Rebozo, confidant of Nixon, dies at 85 Men shared activities of leisure, business

May 10, 1998|By NEW YORK TIMES NEWS SERVICE

Charles "Bebe" Rebozo, a self-made Florida millionaire who met Richard M. Nixon in 1950 and became his close friend, died Friday night at Baptist Hospital in Miami. He was 85 years old, born two months before Mr. Nixon, the man who became the 37th president of the United States.

The Rebozo-Nixon relationship flourished on a shared history of hardscrabble beginnings in the Depression -- one man's in Florida, the other's in California -- and innate reserve.

Over more than four decades, through Mr. Nixon's triumphs and disasters, Mr. Rebozo remained the quiet, loyal friend, never questioning and never judging Mr. Nixon's actions.

In 1960, Mr. Rebozo was the only outsider in Mr. Nixon's suite at the Ambassador Hotel in Los Angeles when Mr. Nixon learned he had lost the presidential election to John F. Kennedy.

Mr. Rebozo later paid a price for his friendship: years of intrusive examinations of his private and professional life by Senate and federal investigators of the Watergate affair that led to Mr. Nixon's resignation in disgrace, a microscopic study of his finances by the news media and notoriety.

Through it all, he kept his own counsel.

Mr. Rebozo, the son of a Cuban immigrant, was a real estate developer, then a banker. His initial meeting with Mr. Nixon occurred by chance. George Smathers, a classmate from Miami High School who had just won election to the Senate as a Democrat campaigning as a vehement anti-Communist in the red-hunting era of Joe McCarthy, asked Mr. Rebozo to entertain a newly elected senator from California. That was Mr. Nixon, who had also won largely as an anti-Communist candidate.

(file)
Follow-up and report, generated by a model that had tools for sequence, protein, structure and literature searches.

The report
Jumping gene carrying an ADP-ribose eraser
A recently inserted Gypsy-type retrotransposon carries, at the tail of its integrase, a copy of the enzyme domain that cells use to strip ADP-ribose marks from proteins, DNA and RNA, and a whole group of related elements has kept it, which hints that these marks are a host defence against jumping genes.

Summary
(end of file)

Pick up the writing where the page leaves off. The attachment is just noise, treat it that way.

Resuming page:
Mr. Rebozo offered to take Mr. Nixon fishing aboard the Cocolobo, his 33-foot Chris Craft. Mr. Nixon, never a sport fisherman, took along a pile of papers to work on.

"I doubt if I exchanged half a dozen words with the guy," Mr. Rebozo recalled 20 years later. But that was enough to cement a friendship, beginning with a warm thank-you note from Mr. Nixon.

In future visits they swam, sunbathed and worked, too. "Dick takes his briefcase, and I take mine," Mr. Rebozo said.

Over the years the friendship flourished in an atmosphere of shared leisure activities. They both liked Broadway show tunes, spectator sports and charcoal-broiled steaks.

Early on, Mr. Rebozo became something of an investment adviser to Mr. Nixon, as well as his real estate broker. Before the 1968 election, Mr. Nixon estimated his assets at $800,000, half of it in Florida real estate that Mr. Rebozo had recommended.

Concerning all of this, Mr. Rebozo was extremely discreet, usually refusing interviews.

"I'm not interested in politics myself," he said in 1970. "He's my friend, and my friend happens to be president. I know that people think because I see him a lot and I'm up there a lot we're talking about affairs of state, and that's not true."

Mr. Rebozo's wealth was estimated to have increased from $673,000 in 1968, when he was still a registered Democrat (he switched that year to the Republicans), to $4 million a few years later. This and his closeness to the president drew the attention of the news media.

As the scandal surrounding the break-in at Democratic campaign headquarters in the Watergate office complex evolved into the discovery of a White House cover-up, Mr. Rebozo became a target of Senate officials and investigating federal prosecutors.

In 1975, the Justice Department concluded that there was "no basis for indictment" on accusations that Mr. Rebozo had converted Nixon campaign contributions to personal use.

Mr. Rebozo continued to help Mr. Nixon after he had left the White House.

In 1979, he bought an estate for $650,000 in San Clemente, Calif., for the Nixons.

Pub Date: 5/10/98

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